1
  1. I left when he arrived.

Since we don't know how much time passed between the two actions, we could probably think the two action could happened at the similar time. So, we naturally think one action can affect the other, like I left because he arrived. The thing is he arrived first, and after that, I left.

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  1. I left as he arrived.

I think this are the same as #1, but the time gap between the two action is only a very short, compared to #1. And like #1, he arrived first, and after that, I left.

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  1. He arrived and I left.

I think it's like sequencing two different actions briefly so that speaker say something else, which would be actually what the speaker want to say.

  1. I had left when he arrived.

"Past perfect" here is used to emphasize that one happened, and a while after that, the other happened So, the two action is not connected. We never know if I left because of him, .unlike #1,2 or 3.

  1. I had left when he had arrived.

By saying two "past perfect", the two actions are not connected. But, I can't think of any situation this is needed.

I think #1,2,3, are interchangeable in almost any case.

I'm sorry that I'm asking to many topics here, but I would only understand by comparing all of these.

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  1. I left when he arrived.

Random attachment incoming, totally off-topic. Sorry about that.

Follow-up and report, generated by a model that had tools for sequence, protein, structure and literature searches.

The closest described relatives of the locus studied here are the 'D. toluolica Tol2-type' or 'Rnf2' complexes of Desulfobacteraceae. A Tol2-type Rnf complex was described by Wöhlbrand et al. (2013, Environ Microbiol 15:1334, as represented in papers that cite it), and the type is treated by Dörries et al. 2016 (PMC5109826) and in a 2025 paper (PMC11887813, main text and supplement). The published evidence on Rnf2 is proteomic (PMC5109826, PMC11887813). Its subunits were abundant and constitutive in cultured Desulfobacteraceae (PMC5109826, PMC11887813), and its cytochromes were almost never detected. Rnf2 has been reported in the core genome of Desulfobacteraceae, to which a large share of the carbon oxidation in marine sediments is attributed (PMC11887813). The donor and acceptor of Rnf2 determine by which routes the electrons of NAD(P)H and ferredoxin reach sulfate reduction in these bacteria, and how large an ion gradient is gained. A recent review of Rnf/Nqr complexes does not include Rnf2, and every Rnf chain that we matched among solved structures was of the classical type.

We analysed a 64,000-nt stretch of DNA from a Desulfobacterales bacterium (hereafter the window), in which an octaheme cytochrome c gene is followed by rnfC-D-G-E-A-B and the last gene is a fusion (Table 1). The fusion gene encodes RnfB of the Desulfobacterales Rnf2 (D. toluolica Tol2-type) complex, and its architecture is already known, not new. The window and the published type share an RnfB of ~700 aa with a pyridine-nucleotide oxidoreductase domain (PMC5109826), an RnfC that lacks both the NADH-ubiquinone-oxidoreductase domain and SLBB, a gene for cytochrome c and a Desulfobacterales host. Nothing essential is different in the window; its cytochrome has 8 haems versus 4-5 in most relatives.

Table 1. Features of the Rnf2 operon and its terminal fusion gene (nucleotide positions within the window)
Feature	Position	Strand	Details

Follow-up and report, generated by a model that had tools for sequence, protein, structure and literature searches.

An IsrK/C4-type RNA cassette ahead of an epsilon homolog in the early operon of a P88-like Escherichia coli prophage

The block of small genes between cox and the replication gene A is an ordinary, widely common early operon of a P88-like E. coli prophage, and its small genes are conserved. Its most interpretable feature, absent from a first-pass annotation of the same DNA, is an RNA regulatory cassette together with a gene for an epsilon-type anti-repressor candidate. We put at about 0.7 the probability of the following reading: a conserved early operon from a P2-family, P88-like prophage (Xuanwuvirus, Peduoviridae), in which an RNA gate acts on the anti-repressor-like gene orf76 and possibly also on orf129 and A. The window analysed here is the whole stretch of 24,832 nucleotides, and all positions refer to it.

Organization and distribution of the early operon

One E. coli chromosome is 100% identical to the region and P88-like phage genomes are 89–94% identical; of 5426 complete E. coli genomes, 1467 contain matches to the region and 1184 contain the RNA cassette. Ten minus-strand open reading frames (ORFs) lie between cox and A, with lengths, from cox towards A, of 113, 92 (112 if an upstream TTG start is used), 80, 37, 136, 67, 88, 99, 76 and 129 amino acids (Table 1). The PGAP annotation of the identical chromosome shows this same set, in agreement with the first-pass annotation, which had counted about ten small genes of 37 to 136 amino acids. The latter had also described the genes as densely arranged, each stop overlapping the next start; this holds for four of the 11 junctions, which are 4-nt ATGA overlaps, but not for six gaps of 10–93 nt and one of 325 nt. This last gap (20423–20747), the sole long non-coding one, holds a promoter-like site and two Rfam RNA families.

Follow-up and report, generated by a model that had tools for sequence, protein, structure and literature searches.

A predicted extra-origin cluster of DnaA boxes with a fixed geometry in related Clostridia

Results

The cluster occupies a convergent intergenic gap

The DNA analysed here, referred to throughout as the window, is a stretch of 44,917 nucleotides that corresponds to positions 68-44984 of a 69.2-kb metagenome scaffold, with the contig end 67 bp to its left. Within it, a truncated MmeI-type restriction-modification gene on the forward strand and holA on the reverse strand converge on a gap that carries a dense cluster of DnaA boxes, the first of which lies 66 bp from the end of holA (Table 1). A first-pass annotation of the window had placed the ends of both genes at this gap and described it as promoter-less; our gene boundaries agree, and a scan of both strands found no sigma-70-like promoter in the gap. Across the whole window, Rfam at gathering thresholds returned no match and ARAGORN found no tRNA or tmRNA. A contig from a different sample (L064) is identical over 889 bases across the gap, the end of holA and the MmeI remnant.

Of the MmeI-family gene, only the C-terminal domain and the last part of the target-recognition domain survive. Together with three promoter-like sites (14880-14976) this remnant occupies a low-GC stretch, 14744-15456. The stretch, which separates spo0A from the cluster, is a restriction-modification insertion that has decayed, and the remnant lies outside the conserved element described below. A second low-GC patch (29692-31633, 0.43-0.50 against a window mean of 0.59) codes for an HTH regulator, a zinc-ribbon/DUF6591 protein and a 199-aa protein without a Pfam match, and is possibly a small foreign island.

This means you left immediately after he arrived. You may have been waiting for him to arrive before you could leave, or it may have been a coincidence. But you did not start to leave until the very moment he arrived.

  1. I left as he arrived.

This is not the same as #1. This means you left while he was arriving -- at the same time. For example, you may have been walking out the door just as he was walking in the door, but the two actions were happening at the same time.

  1. He arrived and I left.

The order of events here is vague. Because of the order of the phrases, you could say he arrived first and then I left. But that's not necessarily the case. Because the two clauses are short, it's possible to infer that both actions happened at the same time.

Another possible interpretation is that I left because he arrived. It's impossible to draw this conclusion without more context, but this is a common way of communicating.

  1. I had left when he arrived.

This means I was already gone before he even arrived.

  1. I had left when he had arrived.

This is similar in meaning to #4 -- that I left at some point before he even arrived.

I don't think it's true that #1, #2, and #3 have the same meaning. Because #3 is vague in meaning, it can be similar to either #1 or #2, depending on what the intention is. Only #3 implies that the second clause happened because of the first clause. And the inference should only be made if it seems logical.

#4 and #5 are similar in meaning, although #5 seems overly complicated (and also vague) and should be avoided if possible.

  • I learned that #4, #5 is similar in meaning: "I was already gone before he even arrived" And I learned that we used <When past perfect, past perfect> to emphasize that the two actions are independent. But in #4, the two actions are independent already. Then, what's the difference? – jihoon Jan 1 '18 at 13:47

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